20
Oct
08

Securing Pakistan’s Tribal Belt (5)

5. Conclusion: Expanded, Long-Term U.S. Commitment Needed

The security challenges of Pakistan’s tribal areas lie at the center of broader regional and global threats to stability. The best way to meet these challenges is through enhanced partnership with the political and security institutions of the Pakistani state, and the best way to improve this cooperation is by planning, organizing, and budgeting for a decades-long U.S. commitment to the region. Pakistan’s recent history of turbulence and the threat of another 9/11-type attack provide a political impetus for significantly expanded action by the next White House.

The precise scale-in dollar terms-of U.S. assistance in Pakistan is not addressed in this report because the next administration should first undertake its own review of Pakistan’s civilian and security requirements. This sort of review would represent a healthy corrective from recent practice. Washington’s commitments to Pakistan after 9/11-President Bush’s five-year $3 billion package and the recent five-year $750 million pledge for the FATA-were driven by political and diplomatic concerns, not prior U.S. needs-based assessments. That said, in the context of building a stronger bilateral partnership, the next administration must also bear in mind the symbolic and political significance of fulfilling prior commitments to Islamabad. This report therefore recommends that the Bush administration’s pledges of $600 million per year (half civilian, half military) should serve as a baseline for new commitments. Additional funding may be needed to support the short- and long-term goals outlined throughout this report, from strengthening governance to building security institutions that are capable of a full range of counterinsurgency and counterter ror missions.

The most urgent expansion of U.S. resources should come in the form of U.S. personnel and institutions built to uphold a long-term partnership with, and presence in, Pakistan. New investments are particularly vital on the civilian side (State and USAID) in order to expand, train, and maintain a cadre of experienced officers focused on developing programs for the tribal areas. Washington’s political commitment will be best demonstrated and served by professionals who are encouraged to see the region as a career path rather than an exotic tour of one or two years. These improvements will require new expenditures in order to attract and retain talented individuals. They will also require the reform of existing bureaucratic personnel structures that now dissuade U.S. officials from focusing on the region in a sustained way.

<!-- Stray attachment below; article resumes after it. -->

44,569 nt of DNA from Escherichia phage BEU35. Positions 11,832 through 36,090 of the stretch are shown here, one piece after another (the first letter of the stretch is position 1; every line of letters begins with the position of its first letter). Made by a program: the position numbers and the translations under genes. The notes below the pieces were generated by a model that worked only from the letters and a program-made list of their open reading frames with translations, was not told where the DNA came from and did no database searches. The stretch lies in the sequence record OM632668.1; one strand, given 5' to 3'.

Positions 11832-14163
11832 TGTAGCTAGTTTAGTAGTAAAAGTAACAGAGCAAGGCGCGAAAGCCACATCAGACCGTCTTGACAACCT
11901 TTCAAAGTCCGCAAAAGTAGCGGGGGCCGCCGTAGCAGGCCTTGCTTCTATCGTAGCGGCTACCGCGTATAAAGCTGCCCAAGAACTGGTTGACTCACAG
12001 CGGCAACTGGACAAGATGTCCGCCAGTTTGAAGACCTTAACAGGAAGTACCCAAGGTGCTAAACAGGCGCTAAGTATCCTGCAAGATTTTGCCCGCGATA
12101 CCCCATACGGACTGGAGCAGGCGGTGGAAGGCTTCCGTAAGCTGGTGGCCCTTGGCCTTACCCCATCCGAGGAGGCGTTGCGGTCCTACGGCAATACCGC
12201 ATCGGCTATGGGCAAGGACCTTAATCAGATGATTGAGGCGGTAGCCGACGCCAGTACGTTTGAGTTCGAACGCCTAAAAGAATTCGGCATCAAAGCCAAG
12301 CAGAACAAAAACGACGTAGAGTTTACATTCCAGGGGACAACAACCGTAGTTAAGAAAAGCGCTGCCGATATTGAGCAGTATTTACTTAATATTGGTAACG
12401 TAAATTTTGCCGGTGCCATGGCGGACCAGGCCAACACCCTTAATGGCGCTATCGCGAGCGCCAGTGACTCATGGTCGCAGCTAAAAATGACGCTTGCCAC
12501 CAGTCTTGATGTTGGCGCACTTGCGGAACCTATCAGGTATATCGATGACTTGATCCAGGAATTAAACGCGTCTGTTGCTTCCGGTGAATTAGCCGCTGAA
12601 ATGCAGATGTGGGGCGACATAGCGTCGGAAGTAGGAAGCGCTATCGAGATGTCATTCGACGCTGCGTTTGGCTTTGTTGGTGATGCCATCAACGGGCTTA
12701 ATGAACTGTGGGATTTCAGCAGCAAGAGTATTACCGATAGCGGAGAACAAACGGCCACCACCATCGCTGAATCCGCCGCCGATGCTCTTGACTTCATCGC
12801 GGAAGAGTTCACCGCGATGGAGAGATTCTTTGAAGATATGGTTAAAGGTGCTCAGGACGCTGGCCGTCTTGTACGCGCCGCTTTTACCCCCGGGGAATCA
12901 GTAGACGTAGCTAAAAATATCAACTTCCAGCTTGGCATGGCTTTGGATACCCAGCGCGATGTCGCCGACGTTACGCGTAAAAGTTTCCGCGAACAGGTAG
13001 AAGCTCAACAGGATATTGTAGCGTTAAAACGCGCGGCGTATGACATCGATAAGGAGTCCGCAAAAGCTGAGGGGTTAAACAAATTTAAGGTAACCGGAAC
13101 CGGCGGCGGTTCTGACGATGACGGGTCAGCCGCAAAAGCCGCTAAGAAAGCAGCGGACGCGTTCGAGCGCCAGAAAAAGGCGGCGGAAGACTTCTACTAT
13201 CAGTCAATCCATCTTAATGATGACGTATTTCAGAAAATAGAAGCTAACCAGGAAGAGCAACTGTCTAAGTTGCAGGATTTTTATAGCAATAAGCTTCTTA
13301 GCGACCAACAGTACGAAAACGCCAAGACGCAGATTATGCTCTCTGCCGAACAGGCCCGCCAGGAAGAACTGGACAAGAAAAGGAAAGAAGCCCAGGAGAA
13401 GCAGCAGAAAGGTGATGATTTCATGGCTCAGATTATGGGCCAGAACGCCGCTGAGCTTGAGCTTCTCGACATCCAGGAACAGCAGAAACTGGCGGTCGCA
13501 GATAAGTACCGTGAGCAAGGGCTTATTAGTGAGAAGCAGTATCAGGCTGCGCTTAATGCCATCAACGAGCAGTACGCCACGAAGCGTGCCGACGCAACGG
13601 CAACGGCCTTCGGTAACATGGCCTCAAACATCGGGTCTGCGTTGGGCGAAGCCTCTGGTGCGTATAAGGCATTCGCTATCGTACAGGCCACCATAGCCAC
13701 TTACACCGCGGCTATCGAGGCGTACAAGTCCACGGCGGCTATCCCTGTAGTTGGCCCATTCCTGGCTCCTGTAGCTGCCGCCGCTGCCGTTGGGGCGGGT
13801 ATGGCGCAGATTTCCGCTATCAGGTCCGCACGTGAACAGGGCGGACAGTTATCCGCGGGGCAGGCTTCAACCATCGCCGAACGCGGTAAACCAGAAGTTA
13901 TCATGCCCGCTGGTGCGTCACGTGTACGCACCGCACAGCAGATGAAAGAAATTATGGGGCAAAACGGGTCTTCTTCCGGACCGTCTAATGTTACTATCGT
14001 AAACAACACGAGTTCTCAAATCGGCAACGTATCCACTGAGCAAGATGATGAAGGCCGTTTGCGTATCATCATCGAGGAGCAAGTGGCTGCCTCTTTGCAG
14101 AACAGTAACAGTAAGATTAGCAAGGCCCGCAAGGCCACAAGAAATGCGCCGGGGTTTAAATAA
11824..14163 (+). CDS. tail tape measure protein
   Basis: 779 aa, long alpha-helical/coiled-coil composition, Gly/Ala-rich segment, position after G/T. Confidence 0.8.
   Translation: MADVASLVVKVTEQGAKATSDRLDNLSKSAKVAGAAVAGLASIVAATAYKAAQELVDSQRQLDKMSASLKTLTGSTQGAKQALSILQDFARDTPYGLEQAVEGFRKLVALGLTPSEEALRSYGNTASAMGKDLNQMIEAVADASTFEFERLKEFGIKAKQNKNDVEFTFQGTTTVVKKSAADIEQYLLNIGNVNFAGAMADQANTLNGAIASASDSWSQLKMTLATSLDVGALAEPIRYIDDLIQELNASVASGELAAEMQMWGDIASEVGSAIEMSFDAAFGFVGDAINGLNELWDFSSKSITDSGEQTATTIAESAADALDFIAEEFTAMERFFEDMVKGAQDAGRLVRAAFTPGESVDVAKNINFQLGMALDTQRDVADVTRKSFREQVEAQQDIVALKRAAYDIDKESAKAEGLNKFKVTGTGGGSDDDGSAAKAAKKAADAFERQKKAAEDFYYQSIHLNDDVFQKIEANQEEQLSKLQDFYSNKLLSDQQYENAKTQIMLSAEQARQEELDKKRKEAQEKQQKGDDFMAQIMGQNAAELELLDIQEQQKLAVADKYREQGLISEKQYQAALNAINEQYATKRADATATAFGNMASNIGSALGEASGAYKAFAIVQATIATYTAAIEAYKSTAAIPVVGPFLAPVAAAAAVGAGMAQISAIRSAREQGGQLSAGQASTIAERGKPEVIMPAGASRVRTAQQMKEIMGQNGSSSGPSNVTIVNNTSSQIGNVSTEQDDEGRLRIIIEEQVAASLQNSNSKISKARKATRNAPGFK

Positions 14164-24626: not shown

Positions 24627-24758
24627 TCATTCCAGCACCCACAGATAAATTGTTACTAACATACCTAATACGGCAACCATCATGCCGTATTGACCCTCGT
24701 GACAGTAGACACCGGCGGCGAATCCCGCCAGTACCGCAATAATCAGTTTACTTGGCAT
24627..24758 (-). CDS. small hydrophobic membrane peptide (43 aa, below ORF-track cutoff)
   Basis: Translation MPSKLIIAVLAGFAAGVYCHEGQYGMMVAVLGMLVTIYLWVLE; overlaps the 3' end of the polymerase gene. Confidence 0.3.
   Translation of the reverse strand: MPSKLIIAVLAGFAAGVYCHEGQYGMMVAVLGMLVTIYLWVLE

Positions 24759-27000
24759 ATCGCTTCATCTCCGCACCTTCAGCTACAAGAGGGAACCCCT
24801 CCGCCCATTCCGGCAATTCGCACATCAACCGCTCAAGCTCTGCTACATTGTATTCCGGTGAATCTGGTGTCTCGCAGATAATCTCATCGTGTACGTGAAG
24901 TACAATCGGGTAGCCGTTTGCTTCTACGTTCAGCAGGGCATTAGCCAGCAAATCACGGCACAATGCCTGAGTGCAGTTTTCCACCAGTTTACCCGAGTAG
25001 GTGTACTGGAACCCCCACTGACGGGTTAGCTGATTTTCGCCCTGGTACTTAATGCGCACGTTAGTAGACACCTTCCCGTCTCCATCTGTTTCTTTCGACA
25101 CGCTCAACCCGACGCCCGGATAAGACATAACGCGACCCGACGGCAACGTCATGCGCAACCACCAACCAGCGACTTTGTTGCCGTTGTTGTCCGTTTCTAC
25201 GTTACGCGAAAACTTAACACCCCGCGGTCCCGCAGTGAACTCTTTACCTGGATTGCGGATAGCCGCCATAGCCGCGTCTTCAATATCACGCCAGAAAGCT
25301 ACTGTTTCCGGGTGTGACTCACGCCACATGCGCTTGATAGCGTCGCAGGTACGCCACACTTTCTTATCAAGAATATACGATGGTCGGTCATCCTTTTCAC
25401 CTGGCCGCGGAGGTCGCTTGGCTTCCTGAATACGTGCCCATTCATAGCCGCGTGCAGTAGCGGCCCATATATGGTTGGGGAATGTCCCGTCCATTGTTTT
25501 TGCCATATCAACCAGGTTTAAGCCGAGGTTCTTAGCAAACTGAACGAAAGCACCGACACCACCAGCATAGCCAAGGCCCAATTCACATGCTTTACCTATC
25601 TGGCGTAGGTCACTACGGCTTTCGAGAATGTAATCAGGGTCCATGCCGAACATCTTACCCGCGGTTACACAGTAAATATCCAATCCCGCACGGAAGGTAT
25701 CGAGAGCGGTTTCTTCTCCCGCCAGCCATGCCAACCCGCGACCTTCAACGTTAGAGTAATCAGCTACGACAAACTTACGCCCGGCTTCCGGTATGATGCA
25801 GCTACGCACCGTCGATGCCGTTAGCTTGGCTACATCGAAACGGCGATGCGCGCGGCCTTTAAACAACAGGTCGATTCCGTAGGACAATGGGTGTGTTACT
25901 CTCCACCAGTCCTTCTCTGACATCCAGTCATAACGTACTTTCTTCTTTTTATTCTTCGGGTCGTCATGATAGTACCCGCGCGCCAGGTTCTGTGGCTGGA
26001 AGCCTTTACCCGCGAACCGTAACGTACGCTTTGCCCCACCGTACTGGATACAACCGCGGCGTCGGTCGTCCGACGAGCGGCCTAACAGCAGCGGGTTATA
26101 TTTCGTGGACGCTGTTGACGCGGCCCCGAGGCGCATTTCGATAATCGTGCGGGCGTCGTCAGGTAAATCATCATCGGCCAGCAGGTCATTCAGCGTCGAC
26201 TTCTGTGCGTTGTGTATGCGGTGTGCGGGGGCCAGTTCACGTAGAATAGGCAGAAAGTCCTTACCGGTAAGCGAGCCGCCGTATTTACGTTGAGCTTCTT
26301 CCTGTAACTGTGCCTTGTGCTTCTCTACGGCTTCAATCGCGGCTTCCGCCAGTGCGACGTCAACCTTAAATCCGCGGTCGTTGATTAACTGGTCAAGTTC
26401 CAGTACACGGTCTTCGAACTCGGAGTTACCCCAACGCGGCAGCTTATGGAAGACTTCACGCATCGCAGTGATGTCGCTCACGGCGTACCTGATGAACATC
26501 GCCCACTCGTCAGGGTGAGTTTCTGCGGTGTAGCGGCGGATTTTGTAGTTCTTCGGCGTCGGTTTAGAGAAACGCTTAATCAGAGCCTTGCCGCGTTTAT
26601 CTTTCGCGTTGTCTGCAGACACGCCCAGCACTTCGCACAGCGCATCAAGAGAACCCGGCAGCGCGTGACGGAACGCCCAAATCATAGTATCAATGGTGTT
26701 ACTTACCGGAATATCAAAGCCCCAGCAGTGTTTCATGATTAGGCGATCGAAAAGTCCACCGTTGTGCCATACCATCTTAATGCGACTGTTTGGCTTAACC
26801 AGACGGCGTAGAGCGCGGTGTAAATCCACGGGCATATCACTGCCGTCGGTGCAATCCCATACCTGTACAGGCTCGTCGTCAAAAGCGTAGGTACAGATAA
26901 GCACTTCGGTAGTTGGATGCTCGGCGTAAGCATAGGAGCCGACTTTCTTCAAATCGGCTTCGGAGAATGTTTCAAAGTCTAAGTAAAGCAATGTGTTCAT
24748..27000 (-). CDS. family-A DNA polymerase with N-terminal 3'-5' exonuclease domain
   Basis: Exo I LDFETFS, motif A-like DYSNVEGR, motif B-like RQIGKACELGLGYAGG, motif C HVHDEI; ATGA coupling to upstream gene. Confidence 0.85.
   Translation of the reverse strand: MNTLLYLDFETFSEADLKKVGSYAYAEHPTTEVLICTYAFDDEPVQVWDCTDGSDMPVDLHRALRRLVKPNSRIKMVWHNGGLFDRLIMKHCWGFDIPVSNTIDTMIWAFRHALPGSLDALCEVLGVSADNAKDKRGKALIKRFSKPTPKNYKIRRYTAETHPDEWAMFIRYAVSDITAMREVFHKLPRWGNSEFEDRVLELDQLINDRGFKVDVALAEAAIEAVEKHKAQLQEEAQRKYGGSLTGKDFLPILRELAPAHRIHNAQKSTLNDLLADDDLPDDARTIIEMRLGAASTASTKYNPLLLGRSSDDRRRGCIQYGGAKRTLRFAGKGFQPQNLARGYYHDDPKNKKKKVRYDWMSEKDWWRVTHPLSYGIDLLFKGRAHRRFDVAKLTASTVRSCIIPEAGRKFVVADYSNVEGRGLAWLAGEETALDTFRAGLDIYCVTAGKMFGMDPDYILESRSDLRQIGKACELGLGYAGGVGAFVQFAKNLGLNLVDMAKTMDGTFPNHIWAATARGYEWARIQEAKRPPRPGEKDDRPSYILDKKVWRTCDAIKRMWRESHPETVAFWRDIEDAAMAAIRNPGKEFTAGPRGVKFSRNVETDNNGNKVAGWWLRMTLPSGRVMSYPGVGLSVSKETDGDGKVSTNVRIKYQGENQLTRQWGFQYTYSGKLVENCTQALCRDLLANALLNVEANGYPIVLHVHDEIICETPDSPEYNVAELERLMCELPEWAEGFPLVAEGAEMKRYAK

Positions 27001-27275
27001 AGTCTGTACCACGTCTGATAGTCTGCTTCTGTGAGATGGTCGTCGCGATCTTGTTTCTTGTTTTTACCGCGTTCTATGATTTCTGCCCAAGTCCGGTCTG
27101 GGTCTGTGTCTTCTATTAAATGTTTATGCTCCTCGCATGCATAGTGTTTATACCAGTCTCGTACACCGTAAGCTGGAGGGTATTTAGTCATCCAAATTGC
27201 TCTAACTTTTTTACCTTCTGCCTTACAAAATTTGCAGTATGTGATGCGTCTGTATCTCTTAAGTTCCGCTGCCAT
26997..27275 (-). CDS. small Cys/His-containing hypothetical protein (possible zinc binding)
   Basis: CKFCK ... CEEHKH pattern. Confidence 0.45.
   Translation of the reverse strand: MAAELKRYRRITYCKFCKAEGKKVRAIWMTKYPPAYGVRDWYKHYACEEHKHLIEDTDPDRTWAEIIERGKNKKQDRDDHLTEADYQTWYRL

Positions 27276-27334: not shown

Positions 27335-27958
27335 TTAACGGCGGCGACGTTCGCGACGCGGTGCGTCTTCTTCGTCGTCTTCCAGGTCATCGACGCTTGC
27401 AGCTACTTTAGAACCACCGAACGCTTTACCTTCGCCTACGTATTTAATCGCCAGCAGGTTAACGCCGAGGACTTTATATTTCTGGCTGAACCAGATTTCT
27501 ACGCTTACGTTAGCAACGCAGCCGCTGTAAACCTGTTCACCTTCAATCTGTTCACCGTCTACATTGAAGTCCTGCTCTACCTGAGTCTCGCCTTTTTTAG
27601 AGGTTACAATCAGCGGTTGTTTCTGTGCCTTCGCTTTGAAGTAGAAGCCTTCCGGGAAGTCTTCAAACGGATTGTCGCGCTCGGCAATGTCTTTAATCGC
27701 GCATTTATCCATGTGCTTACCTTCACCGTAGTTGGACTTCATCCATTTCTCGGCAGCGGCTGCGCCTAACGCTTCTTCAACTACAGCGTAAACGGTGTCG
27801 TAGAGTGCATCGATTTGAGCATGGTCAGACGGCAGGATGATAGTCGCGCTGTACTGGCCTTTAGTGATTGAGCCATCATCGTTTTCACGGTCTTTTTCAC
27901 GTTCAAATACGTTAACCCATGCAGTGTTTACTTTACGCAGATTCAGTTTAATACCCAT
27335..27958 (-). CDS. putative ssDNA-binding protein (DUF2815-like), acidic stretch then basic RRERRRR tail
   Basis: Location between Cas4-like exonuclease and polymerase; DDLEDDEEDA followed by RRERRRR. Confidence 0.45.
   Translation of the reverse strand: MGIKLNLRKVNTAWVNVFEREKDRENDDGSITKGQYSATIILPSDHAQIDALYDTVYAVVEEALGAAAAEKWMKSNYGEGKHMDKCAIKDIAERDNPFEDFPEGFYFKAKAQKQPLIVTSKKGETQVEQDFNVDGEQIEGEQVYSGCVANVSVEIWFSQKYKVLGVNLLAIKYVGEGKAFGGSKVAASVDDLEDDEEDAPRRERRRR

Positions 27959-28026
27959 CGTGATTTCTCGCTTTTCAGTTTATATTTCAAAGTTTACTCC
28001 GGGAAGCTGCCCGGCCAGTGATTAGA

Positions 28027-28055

Success in the approach recommended in this report should be judged by the strength of the U.S.-Pakistan partnership, as well as by the extent to which Pakistan demonstrates a commitment to making good use of resources-its own and those offered by Washington-in building an independent capacity for counterterror and counterinsurgency efforts. On both counts, Washington needs patience, as the necessary transformation of the tribal areas will require a generation or longer.